- Humidity describes the amount of water vapour within a gas
- Multiple devices are available to measure the humidity of gases
- Failure to humidify gases can cause patient complications
- Humidification is vital for a safe and comfortable theatre environment
- Devices for inspired gas humidification are either active of passive
Substances exist as solids, liquids or gases. In the liquid phase molecules move randomly and have a variable kinetic energy. At the surface of a liquid some molecules can escape the intermolecular forces keeping them in liquid form and evaporate to form a vapour. The molecules which escape are the ones with the highest kinetic energy, therefore the average kinetic energy of the remaining liquid and therefore its temperature falls1.
If the liquid is left within a sealed container equilibrium is reached between molecules leaving and re-entering the liquid. The vapour above the liquid will saturate the gas and exert a partial pressure. At equilibrium this is known as the saturated vapour pressure1. If heat energy is added to the system the kinetic energy of the molecules increases, therefore the amount of substance escaping the liquid state increases. This in turn raises the saturated vapour pressure. The amount of heat energy required to turn 1g of substance from liquid to vapour at a given temperature is the latent heat of vaporisation1. If heat is not added to the system the energy is obtained from within the liquid and it cools. This is the reason for temperature compensation in anaesthetic vaporisers.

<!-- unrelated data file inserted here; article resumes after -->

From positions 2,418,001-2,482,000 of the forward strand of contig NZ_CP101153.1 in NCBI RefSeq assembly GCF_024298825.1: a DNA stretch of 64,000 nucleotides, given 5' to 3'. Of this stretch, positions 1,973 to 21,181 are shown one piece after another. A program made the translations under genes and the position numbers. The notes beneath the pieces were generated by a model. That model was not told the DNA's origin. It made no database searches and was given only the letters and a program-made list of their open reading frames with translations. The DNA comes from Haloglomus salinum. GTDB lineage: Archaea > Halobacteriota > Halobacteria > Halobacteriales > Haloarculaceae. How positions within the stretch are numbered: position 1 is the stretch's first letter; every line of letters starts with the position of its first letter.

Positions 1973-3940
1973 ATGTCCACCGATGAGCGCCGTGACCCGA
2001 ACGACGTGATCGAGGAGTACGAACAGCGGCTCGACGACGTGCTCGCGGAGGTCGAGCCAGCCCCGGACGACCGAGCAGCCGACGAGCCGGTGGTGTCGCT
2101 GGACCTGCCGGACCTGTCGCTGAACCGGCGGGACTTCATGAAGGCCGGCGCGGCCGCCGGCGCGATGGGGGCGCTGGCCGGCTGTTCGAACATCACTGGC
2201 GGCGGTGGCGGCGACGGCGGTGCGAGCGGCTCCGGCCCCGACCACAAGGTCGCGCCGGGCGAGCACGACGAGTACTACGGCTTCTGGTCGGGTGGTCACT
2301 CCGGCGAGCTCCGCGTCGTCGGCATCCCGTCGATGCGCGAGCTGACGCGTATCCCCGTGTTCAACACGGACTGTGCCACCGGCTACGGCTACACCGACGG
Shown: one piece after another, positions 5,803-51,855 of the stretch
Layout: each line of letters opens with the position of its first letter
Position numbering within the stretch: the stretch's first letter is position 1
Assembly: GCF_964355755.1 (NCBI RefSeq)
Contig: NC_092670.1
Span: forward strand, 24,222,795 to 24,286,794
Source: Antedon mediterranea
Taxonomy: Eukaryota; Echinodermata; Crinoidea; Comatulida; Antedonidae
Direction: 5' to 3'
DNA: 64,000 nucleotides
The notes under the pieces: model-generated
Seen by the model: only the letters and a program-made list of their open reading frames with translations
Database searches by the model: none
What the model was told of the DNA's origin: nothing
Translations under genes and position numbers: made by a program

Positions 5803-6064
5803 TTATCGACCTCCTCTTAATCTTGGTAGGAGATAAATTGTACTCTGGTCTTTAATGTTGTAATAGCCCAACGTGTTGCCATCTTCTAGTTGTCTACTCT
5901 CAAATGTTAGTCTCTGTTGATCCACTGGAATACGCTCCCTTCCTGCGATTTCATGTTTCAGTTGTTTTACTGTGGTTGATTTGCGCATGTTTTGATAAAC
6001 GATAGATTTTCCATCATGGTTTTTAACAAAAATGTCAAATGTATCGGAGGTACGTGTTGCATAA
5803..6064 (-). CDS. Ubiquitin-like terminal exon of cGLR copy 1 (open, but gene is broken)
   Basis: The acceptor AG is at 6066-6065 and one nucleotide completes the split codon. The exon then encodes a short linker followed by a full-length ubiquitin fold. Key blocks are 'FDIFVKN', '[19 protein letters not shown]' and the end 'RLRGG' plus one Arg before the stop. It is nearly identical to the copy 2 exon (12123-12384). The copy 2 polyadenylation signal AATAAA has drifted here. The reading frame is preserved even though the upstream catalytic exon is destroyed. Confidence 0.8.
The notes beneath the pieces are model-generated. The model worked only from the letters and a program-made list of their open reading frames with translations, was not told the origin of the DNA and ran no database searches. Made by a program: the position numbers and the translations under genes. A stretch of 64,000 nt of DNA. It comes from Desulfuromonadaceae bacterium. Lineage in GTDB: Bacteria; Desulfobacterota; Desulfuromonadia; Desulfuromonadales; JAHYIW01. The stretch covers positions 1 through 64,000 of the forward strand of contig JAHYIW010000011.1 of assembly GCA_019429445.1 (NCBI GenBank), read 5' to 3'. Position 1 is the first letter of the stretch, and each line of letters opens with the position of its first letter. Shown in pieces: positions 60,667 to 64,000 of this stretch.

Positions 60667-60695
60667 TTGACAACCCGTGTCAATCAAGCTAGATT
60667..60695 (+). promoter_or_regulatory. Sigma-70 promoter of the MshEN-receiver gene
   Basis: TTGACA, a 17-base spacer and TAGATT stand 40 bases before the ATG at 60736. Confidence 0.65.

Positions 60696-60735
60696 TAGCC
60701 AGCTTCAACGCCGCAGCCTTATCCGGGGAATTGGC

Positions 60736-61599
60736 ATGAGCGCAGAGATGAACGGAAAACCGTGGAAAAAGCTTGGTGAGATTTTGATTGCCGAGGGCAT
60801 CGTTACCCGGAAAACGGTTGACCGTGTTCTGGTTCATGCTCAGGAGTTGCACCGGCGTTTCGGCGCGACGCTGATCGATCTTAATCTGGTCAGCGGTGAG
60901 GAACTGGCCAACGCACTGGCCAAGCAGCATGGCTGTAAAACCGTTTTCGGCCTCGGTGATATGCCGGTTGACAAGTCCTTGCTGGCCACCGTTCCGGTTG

Humidification describes the addition of water vapour to a gas. Absolute humidity is the amount of water vapour within a gas and is measured in g.m-3 or or mg/L. The relative humidity is a ratio of amount of measured water vapour in a gas divided by the saturated vapour pressure at a given temperature1,2. As the temperature of a gas increases the amount of water vapour it can hold and therefore its saturated vapour pressure increases (table 1/fig 1).
Lowering the temperature of a gas decreases the amount of water vapour it can hold. The temperature at which a mass of air is at 100% relative humidity is the dew point. At the dew point water vapour condenses into the liquid water at the same rate at which it evaporates. If the dew point is below 0°C it is known as the frost point1.
Humidity and anaesthesia
Indoor air at 20°C has a relative humidity of 50-60%3. As this air passes through the nasopharynx it is heated and fully saturated to an absolute humidity of 44g/m3 (figure 1). The point of full saturation during normal respiration is the isothermic saturation boundary and is just above the carina2. The nose is well adapted for increasing relative humidity as it is a highly vascular area and the presence of nasal turbinates increases the surface area for heating and humidification.
Airway epithelial cells secrete mucus; this lubricates the airways and provides a medium for trapping inhaled particles and pathogens. Mucous is moved toward the nasophaynx by the rhythmic beating of cilia and debris is cleared. Bypassing the nasopharynx with either an endotracheal or tracheostomy tube delivers cold dry gas to the airway. The air is humidified by evaporation of liquid from this mucus layer. This causes drying of mucus, and heat loss due to the latent heat of vaporisation. Loss of heat through this mechanism is of importance in paediatric practice. Children, especially neonates have a high minute volume to body surface area ratio and ventilation for 90 minutes with un-humidified air can lead to a fall in body temperature of 0.75 °C3.